On Eurovan Transmissions or How Eurovans Got a Bad Rap


The reputation of the Eurovan usually preceeds it for potential owners. Just as quickly as someone starts to think the Eurovan might be everything they wanted someone tells them that the transmission is a ticking time bomb. Potential owners worry they’ll get stranded. Long-time owners worry that the next weird shift will mean a $8,000 repair. This is no way to enjoy a vehicle! Okay, maybe the bum rap was deserved 10 years ago when nearly new vans were having transmissions failures. But the Eurovans in the US are approaching their 20th birthday. It’s time to re-evaluate.

As far as I can tell the persistantly bad reputation stems from three main arguments:

First, “the transmission is too small for the Eurovan” and because of this it is prone to failure.

Second, servicing “the transmission is uniquely complicated” and very expensive.

Third, Go Westy labeled the transmission the “Achilles’ Heel” of the Eurovan.

Let me go over each point:


“The Transmission is Too Small”

The argument that the transmission is too small and thus overheats is often substantiated by pointing to the fact that the same transmission is in many smaller/lighter Volkswagens. The fact is, however, it’s also in much heavier vehicles. The Winnebago camper and Rialta versions of the Eurovan are much heavier than a Weekender yet shipped with the same transmission and there are exampes of long working lives. Clearly the transmission can handle more than a VW Golf.

The heat exchanger for the Eurovan transmission is perhaps a more accurate culprit. This exchange is where the engine coolant is supposed to keep the transmission fluid at a constant and safe temperature. Unfortunately the hardworking transmission can sometimes be underserved by this heat exchanger causing the transmission fluid to get too hot.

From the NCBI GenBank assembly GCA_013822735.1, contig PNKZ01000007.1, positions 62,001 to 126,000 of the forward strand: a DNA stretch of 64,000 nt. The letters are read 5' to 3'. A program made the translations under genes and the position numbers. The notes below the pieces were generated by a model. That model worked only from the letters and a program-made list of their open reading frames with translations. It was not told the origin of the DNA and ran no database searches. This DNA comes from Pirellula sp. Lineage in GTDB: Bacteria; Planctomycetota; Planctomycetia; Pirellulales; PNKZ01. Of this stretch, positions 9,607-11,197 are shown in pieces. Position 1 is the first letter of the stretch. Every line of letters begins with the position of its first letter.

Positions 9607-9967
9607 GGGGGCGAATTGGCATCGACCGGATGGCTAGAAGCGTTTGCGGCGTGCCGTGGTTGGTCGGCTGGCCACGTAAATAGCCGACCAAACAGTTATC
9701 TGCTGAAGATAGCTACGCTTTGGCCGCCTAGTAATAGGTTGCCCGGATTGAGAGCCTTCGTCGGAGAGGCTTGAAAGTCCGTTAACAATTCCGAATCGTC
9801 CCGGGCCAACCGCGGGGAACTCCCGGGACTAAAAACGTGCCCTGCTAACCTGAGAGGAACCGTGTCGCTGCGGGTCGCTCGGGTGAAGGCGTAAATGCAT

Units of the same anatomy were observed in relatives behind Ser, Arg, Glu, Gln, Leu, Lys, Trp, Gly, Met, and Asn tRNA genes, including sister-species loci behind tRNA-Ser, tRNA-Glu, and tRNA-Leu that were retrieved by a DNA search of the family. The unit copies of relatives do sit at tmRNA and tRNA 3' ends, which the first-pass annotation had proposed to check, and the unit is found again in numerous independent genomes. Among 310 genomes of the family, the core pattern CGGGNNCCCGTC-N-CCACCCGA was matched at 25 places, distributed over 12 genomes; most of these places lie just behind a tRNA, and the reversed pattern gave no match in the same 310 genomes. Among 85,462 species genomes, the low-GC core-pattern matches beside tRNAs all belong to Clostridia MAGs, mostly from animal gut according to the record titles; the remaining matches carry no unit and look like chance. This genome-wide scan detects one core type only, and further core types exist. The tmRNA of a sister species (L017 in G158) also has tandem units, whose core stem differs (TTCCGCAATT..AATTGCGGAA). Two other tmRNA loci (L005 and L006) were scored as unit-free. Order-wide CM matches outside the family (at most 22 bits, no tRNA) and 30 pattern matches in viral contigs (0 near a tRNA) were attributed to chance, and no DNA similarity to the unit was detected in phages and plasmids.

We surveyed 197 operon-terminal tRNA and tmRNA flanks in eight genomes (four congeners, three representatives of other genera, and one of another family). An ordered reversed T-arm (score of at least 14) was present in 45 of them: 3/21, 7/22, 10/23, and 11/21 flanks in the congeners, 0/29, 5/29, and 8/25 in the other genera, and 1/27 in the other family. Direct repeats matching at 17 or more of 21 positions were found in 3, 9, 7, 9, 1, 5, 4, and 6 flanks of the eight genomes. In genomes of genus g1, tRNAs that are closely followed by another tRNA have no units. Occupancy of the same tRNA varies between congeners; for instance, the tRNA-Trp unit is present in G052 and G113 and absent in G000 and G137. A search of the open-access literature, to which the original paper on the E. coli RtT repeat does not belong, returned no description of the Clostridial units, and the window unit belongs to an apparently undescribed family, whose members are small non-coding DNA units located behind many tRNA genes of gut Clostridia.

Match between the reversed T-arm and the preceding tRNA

To make matters worse, even though there is a transmission temperature sensor it’s not connected to anything useful for the driver*. An overheating transmission won’t trigger a warning light. So without a laptop and special software or a 3rd party temperature gauge you’ll never know when your transmission is dangerously hot.

A common solution is to install an external transmission cooler. (A whole different topic, for another time.)* This isn’t completely accurate; at high enough temperatures the computer should put the transmission into emergency mode which locks the torque convertor where much of the heat is generated. Unfortunately (but understandably) the threashold for this is quite high and there is room for the fluid to be hot enough to do damage but not hot enough for the van to respond in a helpful way.

“Transmission Service is Expensive”


While this is true on the surface I think people erroneously conclude that there is something especially complicated about Eurovan transmission that justifies this.

I believe the service cost is influenced more by two factors: first, that these vans and transmissions are getting older meaning technicians experienced or interested in working on them are increasingly hard to find. And, second, when people are spending $20,000+ on a used van it’s pretty clear that these are vanity projects. In other words, people aren’t buying Eurovans in the US because they are the thrifty choice. Transmission shops know they can charge a premium and often do. Go Westy is a clear (but not lone) example of this approach to market by vendors.The Eurovan transmission isn’t especially complicated or difficult to service.

The fact is the transmission on the Eurovan isn’t especially complicated or difficult to service. It’s the same (or nearly the same) transmission that’s in the Jetta, Golf, Beetle, GTI of the same age. Add the nearly identical 096 it is even more common.

Once one thinks of the transmission as being, actually, rather common and having a rather unexceptional service life (positive or negative) I believe the way one thinks about them can change. For example, if one believes there is something mysteriously special justifying a premium cost it’s easy to understand avoidance of service when there are early signs of problems. If the thought of servicing is less frightening perhaps more people would seek help earlier and there would be fewer instances of full failure. Fewer cases of failure would lower anxiety and more people would not assume the worst when early problems manifest themselves. It’s a theory anyway.